We all know that car accidents are just a fact of life. This is true, even if we are in a rideshare, like Uber or Lyft. Just because we are in the backseat does not shield us from the realities of the road. Though, if there is a rideshare car accident, can the rider be held responsible?
Like most things in the law, the answer is not direct, and it depends on the circumstances. However, the default position of rider liability is no liability. Unless there was some proactive negligence or malfeasance on the part of the rider, then the rider would not have any liability. But, if there was, then the driver likely has proof as dashboard cameras with internal cameras are pretty ubiquitous at this point. This means that the rider’s behavior is likely on camera.
Evidence of liability
A benefit of rideshare is that most, if not all, rideshare drivers have a dashboard camera. This means that, should there be a rideshare car accident, liability should be easily proved. This means that any subsequent litigation will likely only be over damages, not liability.
Competing insurance companies
There are at least three possible insurance companies that have liability in a rideshare car accident: the rideshare application’s own commercial liability insurance, the driver’s personal auto insurance and the other vehicle’s auto insurance. For the rider, the commercial liability insurance will cover them, regardless of who is at fault, and then that insurance company will sue whoever is at fault. For the driver, they too will have coverage.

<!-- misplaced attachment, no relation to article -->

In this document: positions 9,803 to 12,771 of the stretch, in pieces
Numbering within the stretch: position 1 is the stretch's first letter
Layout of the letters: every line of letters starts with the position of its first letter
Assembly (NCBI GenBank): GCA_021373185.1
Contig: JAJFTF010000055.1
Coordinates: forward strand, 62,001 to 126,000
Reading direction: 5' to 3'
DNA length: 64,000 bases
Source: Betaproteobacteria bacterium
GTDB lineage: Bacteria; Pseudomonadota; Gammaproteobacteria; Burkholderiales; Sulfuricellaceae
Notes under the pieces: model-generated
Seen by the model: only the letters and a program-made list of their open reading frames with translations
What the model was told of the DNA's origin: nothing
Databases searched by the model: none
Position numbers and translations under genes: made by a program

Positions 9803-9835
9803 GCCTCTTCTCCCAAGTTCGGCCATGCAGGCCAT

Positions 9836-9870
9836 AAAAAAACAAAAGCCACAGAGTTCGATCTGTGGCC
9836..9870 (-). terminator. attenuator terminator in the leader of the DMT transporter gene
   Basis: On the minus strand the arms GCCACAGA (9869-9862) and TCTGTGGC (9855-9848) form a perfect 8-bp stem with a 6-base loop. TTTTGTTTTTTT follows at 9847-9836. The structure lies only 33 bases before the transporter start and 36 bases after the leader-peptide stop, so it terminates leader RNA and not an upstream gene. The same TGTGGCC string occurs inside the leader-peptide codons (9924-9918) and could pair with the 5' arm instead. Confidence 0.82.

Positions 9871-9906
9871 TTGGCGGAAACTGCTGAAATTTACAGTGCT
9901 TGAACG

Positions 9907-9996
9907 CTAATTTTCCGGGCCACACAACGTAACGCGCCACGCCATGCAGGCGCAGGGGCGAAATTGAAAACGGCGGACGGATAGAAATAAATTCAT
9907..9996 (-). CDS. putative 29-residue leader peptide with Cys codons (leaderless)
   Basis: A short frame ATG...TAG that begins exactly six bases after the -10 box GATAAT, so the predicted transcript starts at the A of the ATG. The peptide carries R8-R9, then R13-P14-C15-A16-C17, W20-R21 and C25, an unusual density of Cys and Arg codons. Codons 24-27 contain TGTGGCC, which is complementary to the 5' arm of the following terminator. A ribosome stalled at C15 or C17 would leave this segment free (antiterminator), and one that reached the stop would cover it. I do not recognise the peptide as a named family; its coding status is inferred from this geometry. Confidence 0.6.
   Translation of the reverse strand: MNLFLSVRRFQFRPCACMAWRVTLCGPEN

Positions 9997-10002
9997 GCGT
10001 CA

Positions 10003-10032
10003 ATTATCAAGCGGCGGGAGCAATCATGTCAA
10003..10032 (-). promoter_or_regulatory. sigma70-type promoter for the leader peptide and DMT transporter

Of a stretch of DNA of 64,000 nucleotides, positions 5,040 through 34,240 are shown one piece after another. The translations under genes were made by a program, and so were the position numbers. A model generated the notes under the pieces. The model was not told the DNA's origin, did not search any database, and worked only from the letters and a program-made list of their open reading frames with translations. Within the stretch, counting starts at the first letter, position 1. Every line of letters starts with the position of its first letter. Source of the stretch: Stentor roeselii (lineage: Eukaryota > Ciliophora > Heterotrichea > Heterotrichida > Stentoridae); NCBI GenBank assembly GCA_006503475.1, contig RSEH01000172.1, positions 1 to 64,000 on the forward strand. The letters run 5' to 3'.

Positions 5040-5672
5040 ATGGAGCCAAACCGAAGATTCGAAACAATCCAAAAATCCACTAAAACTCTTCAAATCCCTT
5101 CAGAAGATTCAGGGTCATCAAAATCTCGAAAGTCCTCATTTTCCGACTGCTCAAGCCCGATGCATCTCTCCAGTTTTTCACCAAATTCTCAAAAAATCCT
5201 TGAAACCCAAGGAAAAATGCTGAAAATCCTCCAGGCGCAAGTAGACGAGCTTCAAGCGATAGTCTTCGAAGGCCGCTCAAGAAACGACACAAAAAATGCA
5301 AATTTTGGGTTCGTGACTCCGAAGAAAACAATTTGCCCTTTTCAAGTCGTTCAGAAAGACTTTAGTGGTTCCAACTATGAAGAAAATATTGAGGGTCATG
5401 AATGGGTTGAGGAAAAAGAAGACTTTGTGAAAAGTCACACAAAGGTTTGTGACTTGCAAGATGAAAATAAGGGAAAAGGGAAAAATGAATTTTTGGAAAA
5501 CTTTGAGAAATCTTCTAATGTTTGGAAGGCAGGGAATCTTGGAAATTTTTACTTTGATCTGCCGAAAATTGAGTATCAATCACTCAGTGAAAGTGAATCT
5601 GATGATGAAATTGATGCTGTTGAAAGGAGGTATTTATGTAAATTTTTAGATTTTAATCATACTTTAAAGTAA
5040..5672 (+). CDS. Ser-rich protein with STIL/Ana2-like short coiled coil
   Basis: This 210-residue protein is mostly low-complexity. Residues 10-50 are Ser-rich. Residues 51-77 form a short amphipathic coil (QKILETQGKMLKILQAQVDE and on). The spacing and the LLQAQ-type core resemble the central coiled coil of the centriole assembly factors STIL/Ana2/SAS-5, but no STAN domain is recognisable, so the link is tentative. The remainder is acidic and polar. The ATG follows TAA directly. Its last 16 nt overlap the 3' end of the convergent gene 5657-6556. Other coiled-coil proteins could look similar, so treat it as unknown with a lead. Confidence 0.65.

Insurance company issues
For Brooklyn, New York, residents involved in a rideshare car accident that are in the vehicle impacted or hit as a pedestrian, the status of the driver at the time of the car accident will likely determine which insurance company will pay. If there was a rider, then the commercial liability insurance will cover. If there was not though, then the rider’s own, personal policy should cover. Though, if the driver did not purchase a policy that has coverage for rideshare drivers, that insurance company may argue that they are not liable. If allowed, then the car accident victims would have to sue the driver directly.